Energy comes clean at Singapore's only landfill Semakau

The Renewable Energy Integration Demonstrator-Singapore - a project initiated by Nanyang Technological University - is the largest system of interconnected micro-grids in South-east Asia.
The Renewable Energy Integration Demonstrator-Singapore - a project initiated by Nanyang Technological University - is the largest system of interconnected micro-grids in South-east Asia.ST PHOTO: MARK CHEONG

SINGAPORE - Semakau Island might be known for being Singapore's only landfill site, but it is also producing 100 per cent energy.

More than 9,500 sq m of solar panels located there, coupled with a wind turbine, can power up to 350 four-room Housing Board units for a year, with a total output of 1.5 megawatt at peak capacity.

Since the end of February, the deep-sea fish farm owned by Barramundi Asia on the island has been running on 100 per cent clean energy harnessed from different renewable sources with an energy integration system.

The Renewable Energy Integration Demonstrator-Singapore (REIDS) - a project initiated by Nanyang Technological University (NTU) - is the largest system of interconnected micro-grids in South-east Asia.

Micro-grids are used to generate power in remote areas where it might be difficult to build transmission lines and wires.

The central hub of the REIDS system draws energy from the micro-grids which are powered by various sources such as wind turbines and solar panels, and redistributes any excess energy unused by one micro-grid to another.

By integrating multiple energy sources - which are heavily dependent on conditions of nature- the system is able to generate power more consistently.

 
 
 
 

The first of its kind in South-east Asia, the micro-grid system serves as a platform for companies to test research projects that are powered by renewable sources of energy in real world conditions.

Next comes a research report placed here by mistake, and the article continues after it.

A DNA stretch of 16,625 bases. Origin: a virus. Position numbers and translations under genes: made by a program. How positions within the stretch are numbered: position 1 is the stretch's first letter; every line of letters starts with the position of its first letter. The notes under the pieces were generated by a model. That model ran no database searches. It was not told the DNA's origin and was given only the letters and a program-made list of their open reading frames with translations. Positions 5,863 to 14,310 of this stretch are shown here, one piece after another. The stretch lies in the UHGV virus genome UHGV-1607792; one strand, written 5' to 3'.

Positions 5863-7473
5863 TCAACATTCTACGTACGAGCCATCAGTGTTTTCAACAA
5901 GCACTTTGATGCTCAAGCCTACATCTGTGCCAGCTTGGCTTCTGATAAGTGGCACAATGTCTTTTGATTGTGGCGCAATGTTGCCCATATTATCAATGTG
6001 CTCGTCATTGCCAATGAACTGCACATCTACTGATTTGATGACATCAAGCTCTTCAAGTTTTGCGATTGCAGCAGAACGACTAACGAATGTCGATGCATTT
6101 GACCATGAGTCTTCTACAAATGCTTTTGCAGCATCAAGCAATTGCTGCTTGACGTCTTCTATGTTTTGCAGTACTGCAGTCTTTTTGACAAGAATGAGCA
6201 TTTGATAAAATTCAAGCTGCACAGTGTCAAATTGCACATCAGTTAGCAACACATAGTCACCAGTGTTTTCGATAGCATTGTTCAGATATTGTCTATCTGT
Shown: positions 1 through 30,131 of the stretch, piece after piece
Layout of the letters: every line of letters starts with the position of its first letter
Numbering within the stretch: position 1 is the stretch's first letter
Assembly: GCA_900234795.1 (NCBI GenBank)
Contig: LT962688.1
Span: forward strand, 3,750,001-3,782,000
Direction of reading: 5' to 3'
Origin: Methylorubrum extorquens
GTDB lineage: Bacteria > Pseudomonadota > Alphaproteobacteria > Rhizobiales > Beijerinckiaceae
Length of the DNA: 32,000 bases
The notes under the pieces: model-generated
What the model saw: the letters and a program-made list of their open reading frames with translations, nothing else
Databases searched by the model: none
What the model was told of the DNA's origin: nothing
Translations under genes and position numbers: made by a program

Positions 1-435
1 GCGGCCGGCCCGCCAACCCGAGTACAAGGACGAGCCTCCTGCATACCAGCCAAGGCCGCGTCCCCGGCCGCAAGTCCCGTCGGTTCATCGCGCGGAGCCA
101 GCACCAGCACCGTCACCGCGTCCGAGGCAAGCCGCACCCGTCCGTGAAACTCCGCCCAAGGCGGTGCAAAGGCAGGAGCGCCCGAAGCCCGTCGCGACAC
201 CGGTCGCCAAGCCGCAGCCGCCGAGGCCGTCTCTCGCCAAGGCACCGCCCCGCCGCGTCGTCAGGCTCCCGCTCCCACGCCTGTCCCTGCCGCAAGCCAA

To date, the university has set up partnerships with 30 local and international companies on the REIDS project, including British turbine supplier Rolls Royce, and French corporations Engie and Schneider Electric.

Four out of the eight micro-grids are currently up and running.

Mr Romain Migne, project manager at French electric utility company EDF, which opened its lab on the island five years ago, said that Singapore is a suitable location for the company to test its technologies for electric-powered cars in hot and humid conditions - which could be tough for electrical equipment.

"What is really interesting for us here in Singapore is the tropical environment," he said. "If the batteries work in Singapore, basically it will work everywhere in the world."

"The main driver (for us coming here) was really to have a tough environment to play with, and to toughen our technologies."

Senior Parliamentary Secretary for Trade and Industry, Dr Tan Wu Meng, who toured the REIDS site on Friday (May 10), said that Semakau Island was a "tough environment" for technology because of its remoteness.

But it had been turned into an opportunity in the case of the REIDS project, as companies can test their solutions away from built-up areas.

Mr Lim Horng Leong, programme manager at the Energy Research Institute at NTU, said that several new wind turbines will be added by the end of the year to the existing one on the island.

He added that two tidal generators currently undergoing test runs offshore near St John's Island and Sentosa Island will also be used at the REIDS site in future.